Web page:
Upon arriving at the garden in the spring of 2013, Christina’s first step was to tear down all of the fencing that had been around the plot. “If we want to have a community space and want people to feel welcome, we don’t want to scream ‘stay out.’ We want it to be inviting.” With the help of kids with shovels, she leveled the soil on the property and brought in 47 tons of compost from the Shakopee Organics Recycling Facility. Prior to the establishment of the garden, the EPA came and tested the soil, and found asbestos. According to Lannesse, they dug out two or three feet of soil, and replaced it with clean soil. The addition of 47 tons of compost over the new soil helped to relieve the concerns of some residents about planting in this space, and provided a rich environment for new growth.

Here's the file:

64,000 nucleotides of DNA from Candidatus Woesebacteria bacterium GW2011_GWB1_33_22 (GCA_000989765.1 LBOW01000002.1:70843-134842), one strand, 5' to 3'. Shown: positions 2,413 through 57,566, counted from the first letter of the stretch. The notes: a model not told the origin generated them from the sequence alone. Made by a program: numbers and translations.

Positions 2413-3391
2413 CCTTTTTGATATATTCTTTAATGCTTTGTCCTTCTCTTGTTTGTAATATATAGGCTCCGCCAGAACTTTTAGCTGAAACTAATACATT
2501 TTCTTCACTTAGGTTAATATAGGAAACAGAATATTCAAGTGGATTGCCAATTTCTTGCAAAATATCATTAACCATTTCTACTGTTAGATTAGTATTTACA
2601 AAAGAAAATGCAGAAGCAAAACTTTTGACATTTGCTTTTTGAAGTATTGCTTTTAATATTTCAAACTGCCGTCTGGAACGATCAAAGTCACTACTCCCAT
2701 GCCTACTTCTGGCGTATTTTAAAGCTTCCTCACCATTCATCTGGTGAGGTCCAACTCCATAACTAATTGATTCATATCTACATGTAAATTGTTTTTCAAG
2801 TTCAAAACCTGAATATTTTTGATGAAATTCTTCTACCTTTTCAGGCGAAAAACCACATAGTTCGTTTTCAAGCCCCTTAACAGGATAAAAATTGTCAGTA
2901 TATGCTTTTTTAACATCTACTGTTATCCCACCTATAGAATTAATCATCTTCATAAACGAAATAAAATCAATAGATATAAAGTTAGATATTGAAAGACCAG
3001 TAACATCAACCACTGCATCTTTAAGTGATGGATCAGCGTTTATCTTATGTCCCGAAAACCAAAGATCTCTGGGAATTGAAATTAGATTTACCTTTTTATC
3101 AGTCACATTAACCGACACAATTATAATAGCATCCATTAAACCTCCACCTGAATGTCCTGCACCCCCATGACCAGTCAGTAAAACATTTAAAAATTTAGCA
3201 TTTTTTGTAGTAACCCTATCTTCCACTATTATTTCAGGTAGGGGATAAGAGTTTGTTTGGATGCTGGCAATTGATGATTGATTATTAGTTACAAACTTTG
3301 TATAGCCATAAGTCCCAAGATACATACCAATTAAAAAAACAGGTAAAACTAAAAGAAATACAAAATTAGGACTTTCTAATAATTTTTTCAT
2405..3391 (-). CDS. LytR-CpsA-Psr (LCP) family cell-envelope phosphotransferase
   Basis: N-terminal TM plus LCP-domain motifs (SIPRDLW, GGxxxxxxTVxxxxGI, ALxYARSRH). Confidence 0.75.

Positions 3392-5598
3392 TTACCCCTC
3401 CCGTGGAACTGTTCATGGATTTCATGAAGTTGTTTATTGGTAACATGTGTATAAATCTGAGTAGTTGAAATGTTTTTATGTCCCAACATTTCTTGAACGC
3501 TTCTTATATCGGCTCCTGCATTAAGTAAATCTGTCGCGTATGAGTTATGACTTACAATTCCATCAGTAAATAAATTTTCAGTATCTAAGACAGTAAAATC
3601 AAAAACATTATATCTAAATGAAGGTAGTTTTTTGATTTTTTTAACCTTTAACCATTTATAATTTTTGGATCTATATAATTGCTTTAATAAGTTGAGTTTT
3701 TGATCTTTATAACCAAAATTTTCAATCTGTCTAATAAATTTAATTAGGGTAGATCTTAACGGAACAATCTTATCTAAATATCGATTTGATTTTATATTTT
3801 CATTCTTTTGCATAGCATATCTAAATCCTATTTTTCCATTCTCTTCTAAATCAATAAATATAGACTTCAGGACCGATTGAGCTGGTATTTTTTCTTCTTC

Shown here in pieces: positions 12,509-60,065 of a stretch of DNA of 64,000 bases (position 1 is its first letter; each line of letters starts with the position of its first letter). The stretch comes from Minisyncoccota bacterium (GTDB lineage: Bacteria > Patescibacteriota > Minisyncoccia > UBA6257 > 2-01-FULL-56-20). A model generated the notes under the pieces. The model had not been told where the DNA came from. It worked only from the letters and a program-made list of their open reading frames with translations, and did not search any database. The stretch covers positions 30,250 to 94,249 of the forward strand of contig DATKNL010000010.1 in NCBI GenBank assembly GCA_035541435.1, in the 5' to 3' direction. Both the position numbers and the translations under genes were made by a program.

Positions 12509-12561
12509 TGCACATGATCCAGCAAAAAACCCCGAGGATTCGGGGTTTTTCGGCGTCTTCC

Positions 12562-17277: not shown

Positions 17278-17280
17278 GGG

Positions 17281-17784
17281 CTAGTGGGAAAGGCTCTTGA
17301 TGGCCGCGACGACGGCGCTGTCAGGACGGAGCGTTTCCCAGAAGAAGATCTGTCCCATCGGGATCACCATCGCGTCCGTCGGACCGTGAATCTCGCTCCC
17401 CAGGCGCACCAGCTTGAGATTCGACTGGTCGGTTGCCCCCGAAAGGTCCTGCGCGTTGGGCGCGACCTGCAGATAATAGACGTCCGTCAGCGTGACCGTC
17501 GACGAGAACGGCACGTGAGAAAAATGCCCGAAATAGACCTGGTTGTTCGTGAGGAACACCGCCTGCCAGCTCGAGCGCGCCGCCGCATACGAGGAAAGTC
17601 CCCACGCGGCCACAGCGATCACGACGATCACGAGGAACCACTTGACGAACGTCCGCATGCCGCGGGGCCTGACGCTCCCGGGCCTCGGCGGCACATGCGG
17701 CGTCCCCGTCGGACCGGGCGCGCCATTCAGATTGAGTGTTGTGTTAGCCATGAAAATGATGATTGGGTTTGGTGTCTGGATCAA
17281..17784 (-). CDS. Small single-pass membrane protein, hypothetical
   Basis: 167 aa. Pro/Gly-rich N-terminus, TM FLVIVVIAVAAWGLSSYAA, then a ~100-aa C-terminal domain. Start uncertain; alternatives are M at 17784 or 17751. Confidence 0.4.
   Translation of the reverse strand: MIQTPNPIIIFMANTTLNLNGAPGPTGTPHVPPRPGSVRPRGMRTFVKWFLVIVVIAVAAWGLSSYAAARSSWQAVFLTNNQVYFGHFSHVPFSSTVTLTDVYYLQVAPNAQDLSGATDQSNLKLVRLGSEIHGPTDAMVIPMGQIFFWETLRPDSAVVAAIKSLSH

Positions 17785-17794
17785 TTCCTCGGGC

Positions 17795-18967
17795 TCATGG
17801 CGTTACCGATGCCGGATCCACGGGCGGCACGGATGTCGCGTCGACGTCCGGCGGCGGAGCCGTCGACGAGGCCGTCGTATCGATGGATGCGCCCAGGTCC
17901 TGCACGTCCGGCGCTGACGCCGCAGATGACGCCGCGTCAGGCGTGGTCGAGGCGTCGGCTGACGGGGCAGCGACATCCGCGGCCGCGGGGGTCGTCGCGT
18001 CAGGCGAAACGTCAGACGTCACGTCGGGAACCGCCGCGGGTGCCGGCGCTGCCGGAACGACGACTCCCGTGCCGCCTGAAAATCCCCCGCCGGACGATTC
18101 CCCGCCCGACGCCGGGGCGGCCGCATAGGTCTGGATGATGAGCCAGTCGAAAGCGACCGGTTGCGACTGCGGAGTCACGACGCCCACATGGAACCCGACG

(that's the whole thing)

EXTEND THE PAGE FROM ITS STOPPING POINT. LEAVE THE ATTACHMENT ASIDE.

In designing the garden, Christina was sure to make note of where the walking paths through the property were, in order to work around them rather than block them. In repurposing the site while respecting previous “deer paths” as she called them, Christina was able to successfully avoid a similar fate for this garden. From the start Christina also wanted to add picnic tables to the site, but the neighbors were worried about them being vandalized, and “riffraff” hanging out there late at night. So they started with garbage cans that local kids decorated. When no one bothered the cans, Christina negotiated with the neighbors to try tables. People started to graffiti the tables, and so Christina and Lannesse hosted an art day, and artist Jonathan Thunder worked with the local youth to decorate the tables. No one has vandalized them since.